Combined Single Limit vs Split Limit Coverage

October 9, 2015 by novallus

There are two common types of liability coverage offered on auto insurance policies. I’ll explain the differences so you can determine which coverage is best for you.

What is Combined Single Limit Liability Insurance?

Combined Single Limit (CSL) Liability Insurance is the maximum dollar limit the insurance company will pay including bodily injury liability and property damage coverage. Commonly offered at these limits:

$100,000 CSL

$300,000 CSL

$500,000 CSL

These are the total liability coverage limits (bodily injury and property damage) for a single accident. Here’s an example to help understand how combined single limit works:

  • You’re at fault in an accident where you severely injure one occupant with bodily injury of $150,000, the second occupant sustains bodily injury of $25,000, and cause $125,000 damage to an exotic car.

Total liability in this scenario is $300,000.

If you selected a policy with $100,000 CSL, you exceeded the limit by $200,000.

If you selected $300,000 CSL you're at the limit.

If you selected $500,000 CSL you’re $200,000 under the limit.

How is Split Limit Liability Insurance different from Combined Single Limit?

Split Limit Liability is the more commonly used type of liability coverage. The limits are broken down differently than Combined Single Limit. With split limit coverage there are multiple limits that apply per accident. They are: per person bodily injury limit, per incident bodily injury limit, and property damage limit. Commonly offered at these limits (in thousands):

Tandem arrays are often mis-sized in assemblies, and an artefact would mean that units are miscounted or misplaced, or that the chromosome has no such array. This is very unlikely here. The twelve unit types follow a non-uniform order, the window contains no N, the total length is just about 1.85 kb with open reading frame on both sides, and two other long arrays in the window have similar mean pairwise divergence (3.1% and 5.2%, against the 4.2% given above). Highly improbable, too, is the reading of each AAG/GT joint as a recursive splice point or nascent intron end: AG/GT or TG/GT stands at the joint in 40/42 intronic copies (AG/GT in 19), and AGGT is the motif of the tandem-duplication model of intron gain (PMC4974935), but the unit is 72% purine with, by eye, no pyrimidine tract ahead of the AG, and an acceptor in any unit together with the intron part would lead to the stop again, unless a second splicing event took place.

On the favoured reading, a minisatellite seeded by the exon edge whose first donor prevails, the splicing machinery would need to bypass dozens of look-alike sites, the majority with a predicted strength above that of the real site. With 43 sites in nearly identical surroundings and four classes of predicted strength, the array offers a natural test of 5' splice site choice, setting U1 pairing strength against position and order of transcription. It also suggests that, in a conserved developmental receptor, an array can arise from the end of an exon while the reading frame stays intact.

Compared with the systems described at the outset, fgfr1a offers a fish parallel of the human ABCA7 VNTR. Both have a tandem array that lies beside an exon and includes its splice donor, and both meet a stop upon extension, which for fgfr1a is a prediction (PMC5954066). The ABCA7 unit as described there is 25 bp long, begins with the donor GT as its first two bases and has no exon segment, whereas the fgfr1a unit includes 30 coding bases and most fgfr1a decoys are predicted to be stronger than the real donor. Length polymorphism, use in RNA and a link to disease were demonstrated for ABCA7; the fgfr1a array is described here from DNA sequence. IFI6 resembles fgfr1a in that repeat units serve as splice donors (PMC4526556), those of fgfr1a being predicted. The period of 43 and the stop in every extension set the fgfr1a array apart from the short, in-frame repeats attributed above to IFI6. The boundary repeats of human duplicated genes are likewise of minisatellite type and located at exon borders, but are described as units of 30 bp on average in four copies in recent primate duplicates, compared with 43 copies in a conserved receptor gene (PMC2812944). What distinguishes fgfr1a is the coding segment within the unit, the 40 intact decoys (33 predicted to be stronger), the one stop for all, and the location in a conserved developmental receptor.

30/60/10 (Minnesota State Minimum Limit)

50/100/50

100/300/100

250/500/100

The first number is the bodily injury per person number, the second is the bodily injury per incident number, and the last is the property damage liability number. Let’s use the same example as above and assume you selected 100/300/100 liability coverage limits.

  • You’re at fault in an accident where you severely injure one occupant with bodily injury of $150,000, the second occupant sustains bodily injury of $25,000, and cause $125,000 damage to an exotic car.

Total liability in this scenario is $300,000. However the per person limit of $100,000 is exceeded by $50,000 on the first occupant and the property damage limit of $100,000 is exceeded by $25,000. Policy limits are exceeded by $75,000.

 

Split limit coverage is more complicated than combined single limit. How much personal asset protection do you need? It’s important to know how your coverage limits work to make sure you choose the right amount of coverage.

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